Mayor jailed for DUI after accident
Published: Thursday, March 21, 2013 at 8:35 a.m.
Last Modified: Thursday, March 21, 2013 at 5:00 p.m.
Gainesville Mayor Craig Lowe walked out of the Alachua County jail around 4:30 p.m. Thursday after being arrested earlier in the day on a DUI charge. The arrest came after Lowe crashed his car in the northeastern part of the county.
The Florida Highway Patrol reported that the single-car accident happened about 2:20 a.m. in the area of Northeast 21st Street and 156th Avenue.
Alachua County sheriff's deputies told an FHP trooper they saw Lowe behind the driver's seat when they first arrived and that he appeared intoxicated. Lowe, 55, told authorities that he had fallen asleep prior to the collision, which resulted in the crash.
The trooper, who arrived at the scene about 3:46 a.m., reported that he smelled alcohol and asked Lowe to perform field sobriety exercises. Lowe performed poorly on the tests, according to FHP.
Lowe told the trooper he had had three beers earlier in the evening, the last one about 10 p.m., the report states.
Lowe was arrested at about 4:58 a.m. At the jail, Lowe submitted to a breath test and registered a .061 and .069, according to the report. Florida law says any blood-alcohol level above .08 is considered legally drunk.
FHP Sgt. Tracy Pace said that given the time between the accident and the breath test at the jail, alcohol likely had started metabolizing out of Lowe's system.
Pace added that the Sheriff's Office was the first responding agency but that FHP was called to process the crash. She said it sometimes takes troopers time to get to accident scenes.
Sheriff's spokesman Art Forgey said he believes a resident of the area called authorities about a suspicious car.
"At least one deputy responded and found a vehicle parked at the Monteocha store with a person in it," Forgey said. "He began to talk to that person and noticed a lot of damage to the vehicle. Because it was involved in an accident, that's how FHP got involved."
Lowe was charged with DUI with property damage and careless driving, according to the FHP, and booked into the Alachua County jail.
Lowe initially was scheduled to make his first court appearance Friday at 9 a.m. but was allowed to leave jail early after County Court Judge David P. Kreider signed an order to release him on his own recognizance.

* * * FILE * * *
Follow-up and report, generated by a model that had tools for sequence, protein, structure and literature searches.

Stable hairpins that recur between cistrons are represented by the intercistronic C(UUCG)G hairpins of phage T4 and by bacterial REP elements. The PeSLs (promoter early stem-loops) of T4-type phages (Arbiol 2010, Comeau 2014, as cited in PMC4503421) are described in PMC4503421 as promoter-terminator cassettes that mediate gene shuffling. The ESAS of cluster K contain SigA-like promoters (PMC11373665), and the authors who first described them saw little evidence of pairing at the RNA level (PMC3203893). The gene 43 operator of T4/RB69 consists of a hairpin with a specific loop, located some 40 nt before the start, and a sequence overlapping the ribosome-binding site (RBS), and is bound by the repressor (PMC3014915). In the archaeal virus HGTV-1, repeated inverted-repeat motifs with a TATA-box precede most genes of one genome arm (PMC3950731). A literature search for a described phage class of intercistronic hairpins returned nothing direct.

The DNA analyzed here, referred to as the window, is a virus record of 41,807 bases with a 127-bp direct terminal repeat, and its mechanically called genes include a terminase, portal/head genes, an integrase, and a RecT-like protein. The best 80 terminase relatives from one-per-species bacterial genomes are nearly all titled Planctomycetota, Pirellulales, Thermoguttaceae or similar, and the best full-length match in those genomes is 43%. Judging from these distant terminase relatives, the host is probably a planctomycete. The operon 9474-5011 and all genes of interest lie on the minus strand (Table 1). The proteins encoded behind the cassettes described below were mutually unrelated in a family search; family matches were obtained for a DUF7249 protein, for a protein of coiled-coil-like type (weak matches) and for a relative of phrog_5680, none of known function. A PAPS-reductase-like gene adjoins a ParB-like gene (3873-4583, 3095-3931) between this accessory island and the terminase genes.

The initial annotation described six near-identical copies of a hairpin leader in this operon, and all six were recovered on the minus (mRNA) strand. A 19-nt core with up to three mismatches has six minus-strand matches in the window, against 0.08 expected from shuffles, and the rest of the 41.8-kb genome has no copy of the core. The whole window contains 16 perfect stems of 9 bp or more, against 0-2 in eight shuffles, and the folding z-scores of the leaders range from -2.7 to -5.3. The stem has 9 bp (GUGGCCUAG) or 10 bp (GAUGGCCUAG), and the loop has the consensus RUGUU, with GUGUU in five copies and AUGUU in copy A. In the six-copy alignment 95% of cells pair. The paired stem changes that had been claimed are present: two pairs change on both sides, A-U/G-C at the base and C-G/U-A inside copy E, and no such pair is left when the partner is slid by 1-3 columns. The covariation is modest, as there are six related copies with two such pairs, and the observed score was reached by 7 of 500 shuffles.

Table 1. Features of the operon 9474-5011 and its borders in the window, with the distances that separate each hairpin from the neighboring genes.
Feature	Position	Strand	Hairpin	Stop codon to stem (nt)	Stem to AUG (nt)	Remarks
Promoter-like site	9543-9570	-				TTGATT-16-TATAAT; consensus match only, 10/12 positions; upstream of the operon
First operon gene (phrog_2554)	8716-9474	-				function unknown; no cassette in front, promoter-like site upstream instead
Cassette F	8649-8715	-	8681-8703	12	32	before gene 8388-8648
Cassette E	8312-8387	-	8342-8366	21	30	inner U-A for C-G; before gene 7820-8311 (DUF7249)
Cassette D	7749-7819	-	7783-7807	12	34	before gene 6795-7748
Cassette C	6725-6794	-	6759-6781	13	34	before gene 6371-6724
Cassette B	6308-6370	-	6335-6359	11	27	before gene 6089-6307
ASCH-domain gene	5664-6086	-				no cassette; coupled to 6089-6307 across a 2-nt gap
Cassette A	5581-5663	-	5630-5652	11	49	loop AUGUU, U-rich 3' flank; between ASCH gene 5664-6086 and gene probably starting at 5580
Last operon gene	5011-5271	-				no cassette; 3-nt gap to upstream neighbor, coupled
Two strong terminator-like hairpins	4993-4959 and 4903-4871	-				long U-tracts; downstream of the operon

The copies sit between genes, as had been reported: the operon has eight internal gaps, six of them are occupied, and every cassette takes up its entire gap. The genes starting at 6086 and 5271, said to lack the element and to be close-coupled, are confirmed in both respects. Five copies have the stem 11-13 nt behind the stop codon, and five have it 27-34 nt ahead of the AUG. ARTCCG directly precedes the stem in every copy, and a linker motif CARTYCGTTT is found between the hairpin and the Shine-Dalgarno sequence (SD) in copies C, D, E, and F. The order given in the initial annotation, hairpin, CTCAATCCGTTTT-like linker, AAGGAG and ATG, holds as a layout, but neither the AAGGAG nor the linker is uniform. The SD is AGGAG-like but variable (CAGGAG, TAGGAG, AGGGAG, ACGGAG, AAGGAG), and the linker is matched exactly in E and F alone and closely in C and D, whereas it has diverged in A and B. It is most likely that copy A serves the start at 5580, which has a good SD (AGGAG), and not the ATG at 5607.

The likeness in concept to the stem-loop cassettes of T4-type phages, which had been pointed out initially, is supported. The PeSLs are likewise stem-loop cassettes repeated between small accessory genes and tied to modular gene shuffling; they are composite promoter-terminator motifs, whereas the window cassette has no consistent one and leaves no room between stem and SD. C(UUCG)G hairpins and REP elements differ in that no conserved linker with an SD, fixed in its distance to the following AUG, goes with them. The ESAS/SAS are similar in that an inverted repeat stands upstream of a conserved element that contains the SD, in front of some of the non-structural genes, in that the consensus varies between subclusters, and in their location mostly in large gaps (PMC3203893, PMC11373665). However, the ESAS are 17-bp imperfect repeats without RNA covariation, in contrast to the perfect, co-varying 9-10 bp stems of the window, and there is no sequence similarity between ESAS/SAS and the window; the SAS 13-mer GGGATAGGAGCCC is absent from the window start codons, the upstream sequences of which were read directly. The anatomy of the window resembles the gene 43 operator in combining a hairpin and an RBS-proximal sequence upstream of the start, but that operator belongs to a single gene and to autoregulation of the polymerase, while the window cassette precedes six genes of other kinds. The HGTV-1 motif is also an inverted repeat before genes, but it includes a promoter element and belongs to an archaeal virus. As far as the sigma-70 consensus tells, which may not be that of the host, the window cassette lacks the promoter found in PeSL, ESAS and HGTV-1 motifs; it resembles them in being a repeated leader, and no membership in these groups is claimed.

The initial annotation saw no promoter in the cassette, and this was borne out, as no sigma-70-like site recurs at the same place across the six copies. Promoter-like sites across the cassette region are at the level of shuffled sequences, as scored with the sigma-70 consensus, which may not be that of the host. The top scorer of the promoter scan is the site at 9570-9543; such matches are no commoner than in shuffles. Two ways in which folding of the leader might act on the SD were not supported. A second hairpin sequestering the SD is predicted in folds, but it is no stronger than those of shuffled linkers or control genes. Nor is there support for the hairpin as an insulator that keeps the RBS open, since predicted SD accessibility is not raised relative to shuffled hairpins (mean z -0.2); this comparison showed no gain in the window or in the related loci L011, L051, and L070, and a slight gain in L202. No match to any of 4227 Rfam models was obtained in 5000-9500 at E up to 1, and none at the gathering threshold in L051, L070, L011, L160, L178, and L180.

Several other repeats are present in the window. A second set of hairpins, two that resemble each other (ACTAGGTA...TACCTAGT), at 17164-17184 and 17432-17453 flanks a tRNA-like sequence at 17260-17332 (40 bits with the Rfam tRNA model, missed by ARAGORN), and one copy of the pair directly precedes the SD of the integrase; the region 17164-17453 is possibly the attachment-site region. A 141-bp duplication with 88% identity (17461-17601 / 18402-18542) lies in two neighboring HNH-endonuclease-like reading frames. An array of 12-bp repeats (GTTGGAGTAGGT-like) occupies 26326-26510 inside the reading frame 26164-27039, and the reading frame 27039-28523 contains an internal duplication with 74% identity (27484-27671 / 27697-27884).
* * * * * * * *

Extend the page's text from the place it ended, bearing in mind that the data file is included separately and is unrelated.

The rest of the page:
Because he was booked into the jail after 6 a.m., he missed the cutoff for Thursday's first appearance, a source at the jail said.
At some point Thursday, private defense attorney John Kearns contacted the State Attorney's Office and reached an agreement with unnamed prosecutors to release Lowe on his own recognizance. The judge subsequently signed the agreed order for the jail to release Lowe.
Leaving the jail, the mayor did not respond to reporters' questions about his arrest or his mayoral campaign. Looking down, he quickly climbed into the back seat of a waiting silver Nissan and was driven away.
"I wouldn't say that he got any special privileges because he's the mayor of Gainesville," Kearns said of Lowe's release. "You take a look at the type of people who are going to be released. In this case, it's a misdemeanor. I know it's a DUI, but it's not a felony. And this person has 30 years of ties to Gainesville and no criminal record."
State Attorney's Office spokesman Spencer Mann also downplayed the significance of Lowe's release ahead of schedule.
"It absolutely changes nothing," Mann said in a phone interview late Thursday. "Tomorrow morning at first appearance we would not object to him being released on his own recognizance.
"His attorney filed a motion with the court asking that he be released tonight on his own recognizance, so we're not objecting to that either. It doesn't change the outcome; it just changed when he was released."
FHP reported that Lowe's silver 2005 Honda Civic had major damage to its front and that all the tires were deflated after the wreck.